Broad Street (PA 61) in Fountain Springs.

Outside of Frackville, PA 61 passes through a relatively rural area, bypassing the Ashland Reservoir to the north and Ashland Mountain to the south, heading toward the community of Fountain Springs the entire way. West of Fountain Springs, PA 61 begins to turn northward once more and enters Ashland as it returns to a due north alignment.

As South Hoffman Boulevard, PA 61 passes over Mahanoy Creek prior to entering the heart of the borough. Five blocks north of the waterway, PA 61 meets Pennsylvania Route 54 near the eastern edge of town. PA 61 turns west onto Centre Street, joining with PA 54 through Ashland. Near the western border of the borough, PA 61 turns north onto North Memorial Boulevard, breaking from PA 54 and proceeding into Columbia County.

Columbia County[edit]

The abandoned highway near Centralia, and its two-lane replacement

After crossing over the county line, PA 61 begins to curve to the northeast as it passes through a heavily rural area of eastern central Pennsylvania. Approximately three-quarters of a mile from the county line, a sharp turn deposits the four-lane PA 61 onto Byrnesville Road, a narrow two-lane road upgraded by PennDOT following the closure of a severely damaged mile-long stretch of PA 61 in 1994. After three-quarters of a mile, a clearing and an old unmaintained street, once known as Byrnesville, are visible to the south of the road. Continuing northward, the road reconnects with the old alignment of PA 61 a short distance south of Centralia.

A warning sign present at both ends of Byrnesville Road.

As in Byrnesville to the south, an underground mine fire has crippled Centralia, reducing its population to only 10 as of 2010. Signs of the town's past are evident all along PA 61, from streets and sidewalks leading away from PA 61 but seemingly heading nowhere to empty lots located throughout the town. In the center of the borough, PA 61 meets the southern terminus of Pennsylvania Route 42 at the junction of Locust Avenue and Centre Street. While PA 42 continues north on Locust Avenue, PA 61 turns west onto Centre Street, passing two all-but-barren streets before quietly exiting Centralia.

PA 61 as seen from PA 42 in Centralia

2.5 miles (4.0 km) to the west, PA 61's brief stay in Columbia County comes to an end as the route enters Northumberland County.

Northumberland and Snyder Counties[edit]

Pennsylvania Route 61 south near Shamokin, as seen from Pennsylvania Route 225

A short distance west of the county line, PA 61 enters Mount Carmel on East Fifth Street. The route heads into the heart of the large community, turning north on Market Street before resuming its westward track on East Avenue, West Avenue and Poplar Street, the latter of which leads PA 61 out of Mount Carmel to the northeast. One mile from the borough, PA 61 meets PA 54 for the second time.

West of Mount Carmel in Coal Township, PA 61 meets the western terminus of Pennsylvania Route 901 via a rare rural interchange east of Shamokin. In Shamokin, the largest city on the route since Pottsville, PA 61 meets the northern terminus of both Pennsylvania Route 125 and Pennsylvania Route 225. North of the city in the township of the same name, PA 61, a four-lane highway once more, meets the southern terminus of Pennsylvania Route 487.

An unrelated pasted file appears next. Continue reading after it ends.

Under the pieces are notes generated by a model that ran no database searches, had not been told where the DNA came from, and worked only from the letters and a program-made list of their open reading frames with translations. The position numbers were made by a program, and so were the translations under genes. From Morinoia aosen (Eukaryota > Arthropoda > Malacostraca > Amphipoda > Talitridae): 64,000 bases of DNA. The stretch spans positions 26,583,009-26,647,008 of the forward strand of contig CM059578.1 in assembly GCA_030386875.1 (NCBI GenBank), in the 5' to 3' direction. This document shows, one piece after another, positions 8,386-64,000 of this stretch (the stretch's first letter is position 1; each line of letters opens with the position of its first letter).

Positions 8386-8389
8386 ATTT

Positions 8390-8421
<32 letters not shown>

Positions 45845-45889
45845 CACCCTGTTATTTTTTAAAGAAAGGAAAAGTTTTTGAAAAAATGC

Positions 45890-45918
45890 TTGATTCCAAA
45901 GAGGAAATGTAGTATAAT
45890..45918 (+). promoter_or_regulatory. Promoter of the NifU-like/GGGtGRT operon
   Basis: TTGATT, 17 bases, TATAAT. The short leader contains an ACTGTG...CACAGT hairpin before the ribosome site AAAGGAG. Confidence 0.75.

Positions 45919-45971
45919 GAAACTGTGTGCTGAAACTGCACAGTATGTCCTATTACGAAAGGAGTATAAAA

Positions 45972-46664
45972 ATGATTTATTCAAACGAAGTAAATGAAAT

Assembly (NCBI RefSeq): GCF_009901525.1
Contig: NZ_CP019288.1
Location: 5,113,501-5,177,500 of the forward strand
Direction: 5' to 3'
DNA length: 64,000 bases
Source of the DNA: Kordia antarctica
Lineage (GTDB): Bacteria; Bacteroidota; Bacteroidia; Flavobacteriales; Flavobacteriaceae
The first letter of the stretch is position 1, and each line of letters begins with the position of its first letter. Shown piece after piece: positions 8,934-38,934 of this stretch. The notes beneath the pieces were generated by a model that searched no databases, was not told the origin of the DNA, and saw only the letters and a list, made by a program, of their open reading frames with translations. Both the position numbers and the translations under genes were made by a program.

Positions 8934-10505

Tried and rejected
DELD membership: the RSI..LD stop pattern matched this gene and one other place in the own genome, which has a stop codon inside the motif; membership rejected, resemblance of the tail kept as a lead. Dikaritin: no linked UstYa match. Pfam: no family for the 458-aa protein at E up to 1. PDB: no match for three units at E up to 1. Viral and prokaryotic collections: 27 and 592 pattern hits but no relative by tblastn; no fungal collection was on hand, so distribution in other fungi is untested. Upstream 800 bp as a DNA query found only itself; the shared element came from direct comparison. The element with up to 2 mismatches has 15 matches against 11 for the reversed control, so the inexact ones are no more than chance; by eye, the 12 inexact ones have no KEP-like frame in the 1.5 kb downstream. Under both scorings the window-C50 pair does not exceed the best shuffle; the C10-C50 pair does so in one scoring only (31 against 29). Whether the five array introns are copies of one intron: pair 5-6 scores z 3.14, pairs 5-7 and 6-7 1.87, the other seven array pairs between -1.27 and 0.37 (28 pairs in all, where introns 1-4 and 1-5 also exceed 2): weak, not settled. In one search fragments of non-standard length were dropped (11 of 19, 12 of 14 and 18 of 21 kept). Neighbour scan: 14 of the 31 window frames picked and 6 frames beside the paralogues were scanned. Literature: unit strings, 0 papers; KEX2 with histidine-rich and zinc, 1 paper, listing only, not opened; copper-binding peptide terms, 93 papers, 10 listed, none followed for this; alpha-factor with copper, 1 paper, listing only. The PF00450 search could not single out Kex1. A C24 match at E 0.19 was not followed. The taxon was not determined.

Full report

Ten miles west of PA 487, the amount of development along PA 61 increases exponentially, transitioning from rural hills and land east of the Upper Augusta Township community of Oaklyn to densely packed villages only one mile to the west in Hamilton, where PA 61 meets Pennsylvania Route 890. Through Oaklyn and Hamilton PA 61 is called State Street. The increase in development continues as PA 61 enters the city of Sunbury at Market Street and forms a concurrency with Pennsylvania Route 147 southward along the bank of the Susquehanna River at South Front Street. After three-quarters of a mile, the two routes split via a modified trumpet interchange, allowing PA 61 to access a bridge crossing the Susquehanna and terminate at an interchange with U.S. Route 11 and U.S. Route 15 in Shamokin Dam, Snyder County.


U.S. Routes 120 and 122[edit]

U.S. Route 122
Location: MorgantownSunbury
Existed: 1935–1963

In 1926, what is now PA 61 became part of U.S. Route 120,[3] from US Routes 11 and 111 in Shamokin Dam to U.S. Route 22 in Reading.[4][5] In 1935, US 120 was truncated to terminate at U.S. Route 220 in Lock Haven.[6] The modern routing of PA 61 was then redesignated as part of U.S. Route 122 from U.S. Route 15 in Sunbury to U.S. Route 222 in Reading. US 122 continued south to Oxford;[7] it was first truncated to Morgantown in 1956, and then removed entirely in 1963; the part south of Reading became Pennsylvania Route 10 while the remainder of former US 122 became PA 61.[1]

By 1950, the roadway around Centralia was widened to 4 lanes. Also, U.S. Route 15 was moved along the westside of the Susquehanna River, and Pennsylvania Route 14 was routed along what is now PA 147.[8]

Centralia branch of PA 54/61[edit]

A view of the closed, damaged section of PA 61 south of Centralia.

Because of the long-term coal mine fire in Centralia, the original branch of Routes 54 and 61, which went from Centralia to Ashland, has been permanently closed because the road has severely opened up and buckled extensively. This branch was repaired in 1983 for $500,000; then in 1992 it was deemed too expensive to repair again. In 1994, the branch was permanently closed, and as of result, graffiti were scattered along the closed portion of the roadway. In 1999, Byrnesville Road (Quadrant Route 2002), located directly south of the closed section of PA 61, was upgraded and now carries PA 61, bypassing the section of PA 61 which was damaged by the underground mine fire in Centralia.[9]